Malaysia has potential to be regional green fuel bunkering hub

Malaysia has potential to be regional green fuel bunkering hub

KUALA LUMPUR: Malaysia has the potential to develop into a regional green fuel bunkering hub with the support of both industry and government, according to a study by the Australian Government through Partnerships for Infrastructure (P4I).

In a statement Monday, the Australian High Commission in Malaysia said this was the initial finding of the ongoing study shared by P4I maritime specialist Dr Jonathan Beard at the Green Shipping Conference, held in conjunction with Malaysia Maritime Week recently.

“The study also found that methanol is the green fuel option receiving the most investment from shipping lines,” the statement read. The study was undertaken through P4I in response to a request from Malaysia’s Transport Ministry (MoT) to better understand zero-carbon bunkering and explore the potential for green refuelling sites in Malaysia.

Malaysia’s Port of Tanjung Pelepas (PTP) participated as a partner in the pilot study. “We hope that the successful implementation of this initiative will become a game changer in transforming the regional maritime industry and further promote opportunities for Malaysia to lead in this area of maritime decarbonisation,” said PTP Chief Executive Officer Marco Neelsen in the statement.

Following the conference, a panel discussion was held on green fuel bunkering, with representatives from Australia’s largest container port, Port of Melbourne, and PTP to discuss the technical and commercial considerations of methanol bunkering and Port of Melbourne’s broader sustainability initiatives.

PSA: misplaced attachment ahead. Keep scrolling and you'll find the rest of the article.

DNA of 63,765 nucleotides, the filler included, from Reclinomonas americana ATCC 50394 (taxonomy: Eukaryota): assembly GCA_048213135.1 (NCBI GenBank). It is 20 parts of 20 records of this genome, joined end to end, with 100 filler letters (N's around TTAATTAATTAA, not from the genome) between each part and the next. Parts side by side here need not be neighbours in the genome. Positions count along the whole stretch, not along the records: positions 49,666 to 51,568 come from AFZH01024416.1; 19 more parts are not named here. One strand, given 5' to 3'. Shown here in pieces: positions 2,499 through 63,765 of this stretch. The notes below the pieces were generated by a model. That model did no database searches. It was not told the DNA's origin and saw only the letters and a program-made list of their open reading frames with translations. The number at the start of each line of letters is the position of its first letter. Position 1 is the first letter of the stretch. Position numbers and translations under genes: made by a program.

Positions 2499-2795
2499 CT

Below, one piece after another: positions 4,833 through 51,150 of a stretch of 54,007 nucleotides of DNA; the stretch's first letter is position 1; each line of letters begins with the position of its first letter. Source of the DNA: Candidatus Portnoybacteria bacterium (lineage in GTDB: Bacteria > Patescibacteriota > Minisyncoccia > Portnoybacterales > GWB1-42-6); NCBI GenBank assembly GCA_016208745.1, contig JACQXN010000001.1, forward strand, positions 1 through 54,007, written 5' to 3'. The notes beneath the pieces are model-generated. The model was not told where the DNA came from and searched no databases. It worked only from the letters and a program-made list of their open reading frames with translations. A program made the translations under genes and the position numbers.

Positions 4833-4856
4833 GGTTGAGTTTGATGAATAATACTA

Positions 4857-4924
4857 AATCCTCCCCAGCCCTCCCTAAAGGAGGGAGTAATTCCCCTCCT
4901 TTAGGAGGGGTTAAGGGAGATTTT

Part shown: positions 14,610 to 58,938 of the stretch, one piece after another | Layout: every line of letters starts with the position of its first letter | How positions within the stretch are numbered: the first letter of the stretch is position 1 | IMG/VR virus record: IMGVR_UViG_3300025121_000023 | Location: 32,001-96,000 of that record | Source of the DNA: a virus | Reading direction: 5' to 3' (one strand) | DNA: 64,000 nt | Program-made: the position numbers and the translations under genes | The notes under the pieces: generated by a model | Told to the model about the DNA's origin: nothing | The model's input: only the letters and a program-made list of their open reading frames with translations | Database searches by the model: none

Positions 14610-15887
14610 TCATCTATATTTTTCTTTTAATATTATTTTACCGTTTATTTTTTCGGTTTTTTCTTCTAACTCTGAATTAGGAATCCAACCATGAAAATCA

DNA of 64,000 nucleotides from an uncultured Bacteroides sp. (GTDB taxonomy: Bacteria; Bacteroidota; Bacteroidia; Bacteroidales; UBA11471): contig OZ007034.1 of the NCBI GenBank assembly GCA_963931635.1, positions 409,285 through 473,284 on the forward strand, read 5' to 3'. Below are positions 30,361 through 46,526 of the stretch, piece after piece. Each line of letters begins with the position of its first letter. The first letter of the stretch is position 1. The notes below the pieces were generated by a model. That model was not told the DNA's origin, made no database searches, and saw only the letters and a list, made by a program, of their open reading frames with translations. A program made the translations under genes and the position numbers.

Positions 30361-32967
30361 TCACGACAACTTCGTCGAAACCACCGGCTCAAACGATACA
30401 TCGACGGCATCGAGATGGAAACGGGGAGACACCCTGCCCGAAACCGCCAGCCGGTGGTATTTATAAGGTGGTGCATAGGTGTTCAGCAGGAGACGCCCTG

“Given the size and strategic location of PTP, it has the potential to play a key role regionally and globally in supporting maritime and trade decarbonisation,” said Executive General Manager Commercial at Port of Melbourne Shaun Mooney.

“Decarbonisation of the maritime industry is really gaining pace. As Australia’s largest container port, with around 3,000 ships visiting annually, it makes sense that we look at ways to work together with customers, service providers and producers to understand market needs,” he added.

Opened by Deputy Australian High Commissioner to Malaysia Clare Gatehouse, the Green Shipping Conference discussed how Australia is supporting the decarbonisation of the maritime industry in partnership with Malaysia and the region.

Shipping accounts for nearly 3 per cent of global emissions, with the International Maritime Organisation setting a goal to halve annual emissions by 2050 and establish green shipping corridors for vessels using zero-emission fuels.


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